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Discussion: Why are so many brand categories woefully bad at word-of-mouth?

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By: Wise Marketer Staff |

Posted on January 10, 2018

By Tom Ryan

This article is republished courtesy of RetailWire. Click here to read the full discussion...

According to a new study from Engagement Labs, an estimated 19 percent of consumer sales are now driven by offline and online social conversations. But many retail categories are failing to capture much WOM (word-of-mouth) buzz.

The study, conducted in conjunction with Koen Pauwels, professor of marketing at Northeastern University and BI Oslo, determined that 10 percent of consumer sales are attributed to offline conversations (face-to-face) versus nine percent to online conversations (social media).

However, the study of 170 brands, as well as more detailed analytics on 21, found that certain categories benefited much more from WOM. Tech products were far in front with 29 percent of sales in that category driven by WOM, made up of 15 percent offline conversations and 14 percent online.

Overall, Engagement Labs said that despite the widespread adoption of social media platforms among consumers, many brands are failing to break through, particularly in consumer categories that include beauty, household products, food and beverages. While the study shows that these categories gain sales through social media conversation, their actual performance is well behind that of other categories such as media, entertainment, technology and telecom.

The study didn’t explore why the tech product category scored notably higher but past studies concluded that some brands are facing challenges posting relevant, shareable content online that gains traction among key influencers.

An analysis of the food category, for instance, found that food brands in general had high sentiment scores both online and offline. But many food brands are “Whisper Brands,” performing below average among the 500 brands Engagement Labs tracks, due to low online and offline volume.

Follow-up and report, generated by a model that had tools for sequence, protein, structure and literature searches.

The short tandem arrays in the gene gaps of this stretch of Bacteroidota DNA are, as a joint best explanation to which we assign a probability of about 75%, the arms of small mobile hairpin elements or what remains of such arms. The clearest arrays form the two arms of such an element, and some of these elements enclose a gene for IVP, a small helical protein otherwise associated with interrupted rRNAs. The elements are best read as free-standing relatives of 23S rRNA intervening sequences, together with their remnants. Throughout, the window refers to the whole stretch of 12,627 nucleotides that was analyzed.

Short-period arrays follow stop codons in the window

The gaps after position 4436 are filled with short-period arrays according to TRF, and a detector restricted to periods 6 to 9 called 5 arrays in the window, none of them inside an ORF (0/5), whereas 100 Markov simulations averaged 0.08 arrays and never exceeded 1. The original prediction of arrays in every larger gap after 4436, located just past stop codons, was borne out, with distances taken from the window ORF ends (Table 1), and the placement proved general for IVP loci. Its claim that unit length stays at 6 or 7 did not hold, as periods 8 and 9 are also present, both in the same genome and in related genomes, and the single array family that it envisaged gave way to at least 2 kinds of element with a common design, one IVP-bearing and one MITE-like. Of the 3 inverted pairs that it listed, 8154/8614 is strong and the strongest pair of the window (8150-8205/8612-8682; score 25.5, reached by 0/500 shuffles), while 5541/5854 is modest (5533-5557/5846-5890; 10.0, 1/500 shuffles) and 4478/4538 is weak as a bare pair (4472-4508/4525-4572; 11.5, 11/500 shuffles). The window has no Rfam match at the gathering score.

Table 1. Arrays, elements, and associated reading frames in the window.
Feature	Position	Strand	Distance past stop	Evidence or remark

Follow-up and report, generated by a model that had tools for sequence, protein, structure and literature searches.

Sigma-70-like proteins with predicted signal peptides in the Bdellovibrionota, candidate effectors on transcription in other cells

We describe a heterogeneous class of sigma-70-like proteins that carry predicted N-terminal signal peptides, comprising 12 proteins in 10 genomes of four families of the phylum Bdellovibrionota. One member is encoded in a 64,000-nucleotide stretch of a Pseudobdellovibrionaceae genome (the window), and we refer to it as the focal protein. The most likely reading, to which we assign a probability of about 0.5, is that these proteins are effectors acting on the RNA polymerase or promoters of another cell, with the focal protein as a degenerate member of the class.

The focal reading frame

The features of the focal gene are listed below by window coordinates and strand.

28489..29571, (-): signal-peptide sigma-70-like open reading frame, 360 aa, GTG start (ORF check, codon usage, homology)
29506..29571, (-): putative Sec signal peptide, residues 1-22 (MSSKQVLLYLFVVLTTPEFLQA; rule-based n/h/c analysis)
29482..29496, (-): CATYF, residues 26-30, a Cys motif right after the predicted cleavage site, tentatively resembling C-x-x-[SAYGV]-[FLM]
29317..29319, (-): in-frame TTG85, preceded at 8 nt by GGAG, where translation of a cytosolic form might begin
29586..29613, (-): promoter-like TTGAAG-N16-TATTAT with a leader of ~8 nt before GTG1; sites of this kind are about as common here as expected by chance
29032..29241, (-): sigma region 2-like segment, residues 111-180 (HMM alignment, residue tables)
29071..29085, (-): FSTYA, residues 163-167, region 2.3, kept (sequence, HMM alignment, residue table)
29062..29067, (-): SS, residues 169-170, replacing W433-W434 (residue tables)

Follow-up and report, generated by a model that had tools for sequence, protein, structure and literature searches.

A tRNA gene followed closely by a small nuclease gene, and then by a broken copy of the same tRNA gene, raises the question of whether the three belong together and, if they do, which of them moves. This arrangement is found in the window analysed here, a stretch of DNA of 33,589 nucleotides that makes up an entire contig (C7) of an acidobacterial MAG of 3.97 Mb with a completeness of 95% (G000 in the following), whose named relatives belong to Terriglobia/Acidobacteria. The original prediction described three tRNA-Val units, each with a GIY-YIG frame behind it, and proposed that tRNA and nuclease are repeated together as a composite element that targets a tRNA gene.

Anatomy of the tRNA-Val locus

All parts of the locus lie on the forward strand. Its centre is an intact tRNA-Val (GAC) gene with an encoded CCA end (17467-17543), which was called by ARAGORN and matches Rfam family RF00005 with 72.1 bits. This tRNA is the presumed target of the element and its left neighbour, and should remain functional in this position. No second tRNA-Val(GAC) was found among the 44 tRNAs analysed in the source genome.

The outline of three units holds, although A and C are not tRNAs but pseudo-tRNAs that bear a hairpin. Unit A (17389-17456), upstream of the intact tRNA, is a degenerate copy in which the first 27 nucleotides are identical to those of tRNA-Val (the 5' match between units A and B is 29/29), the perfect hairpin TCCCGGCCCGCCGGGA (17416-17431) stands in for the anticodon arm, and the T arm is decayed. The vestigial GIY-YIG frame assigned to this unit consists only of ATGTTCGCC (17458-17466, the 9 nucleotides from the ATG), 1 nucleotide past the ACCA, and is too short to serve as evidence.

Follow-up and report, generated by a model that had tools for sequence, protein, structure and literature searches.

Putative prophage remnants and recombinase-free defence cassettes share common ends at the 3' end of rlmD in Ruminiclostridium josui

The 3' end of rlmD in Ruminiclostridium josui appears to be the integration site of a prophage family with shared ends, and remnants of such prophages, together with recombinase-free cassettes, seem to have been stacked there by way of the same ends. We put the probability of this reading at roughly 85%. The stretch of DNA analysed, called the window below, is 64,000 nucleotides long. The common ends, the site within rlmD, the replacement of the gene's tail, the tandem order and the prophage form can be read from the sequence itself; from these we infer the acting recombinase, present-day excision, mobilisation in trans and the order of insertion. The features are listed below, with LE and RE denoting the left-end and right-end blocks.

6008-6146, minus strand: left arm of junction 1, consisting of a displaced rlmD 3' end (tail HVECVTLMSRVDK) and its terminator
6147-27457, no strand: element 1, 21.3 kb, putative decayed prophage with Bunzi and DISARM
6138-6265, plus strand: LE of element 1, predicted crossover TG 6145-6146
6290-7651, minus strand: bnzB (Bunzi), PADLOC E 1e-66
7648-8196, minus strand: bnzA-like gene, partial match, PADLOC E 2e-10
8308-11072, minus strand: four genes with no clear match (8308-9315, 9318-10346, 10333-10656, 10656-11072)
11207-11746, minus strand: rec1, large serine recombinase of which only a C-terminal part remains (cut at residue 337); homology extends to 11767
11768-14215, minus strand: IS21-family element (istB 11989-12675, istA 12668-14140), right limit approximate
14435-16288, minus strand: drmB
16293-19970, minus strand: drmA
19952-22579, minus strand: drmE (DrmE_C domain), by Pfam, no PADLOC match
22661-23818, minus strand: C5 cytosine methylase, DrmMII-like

Another study found WOM scores by beverage brands, including Coke, improving because they’ve been better at engaging “everyday influencers.”

Both big box retailers and teen retailers earlier this year were found to perform better in offline WOM than on social media, notably Costco and Old Navy. Engagement Labs concluded that discussions around low prices and deals seem to be strong drivers of positive face-to-face WOM.

Discussion Questions: Why do tech products rank particularly high among retail categories in driving both offline and online word of mouth? Are certain retail categories as well as retailers themselves inherently challenged generating online conversations?

Comments from the RetailWire BrainTrust:

Tech is a hot category and always has fancy things to say about how it will change the world. This lends itself to a compelling word-of-mouth campaign. As exciting as pain relief can be, the folks that are talking about the benefits of Naproxen vs. Ibuprofen just aren’t going to be as exciting or compelling as those saying how the iPhone can now recognize your face. Tech also reaches the young and the old, and makes for compelling dinner party conversation.

Having said that, the encouraging parts of this are that unconventional marketing is on the rise and marketers are breaking out of traditional mediums to meet the consumer. Technology has changed how retailers and brands can reach the consumer, so it’s important for marketers to continue to reach out and build those ties.

Health and OTC categories are probably going to be fairly challenged in building online conversations because of the context required to clarify and talk about the benefits of medicinal properties.

Phil Chang, Retail Influencer, Hubba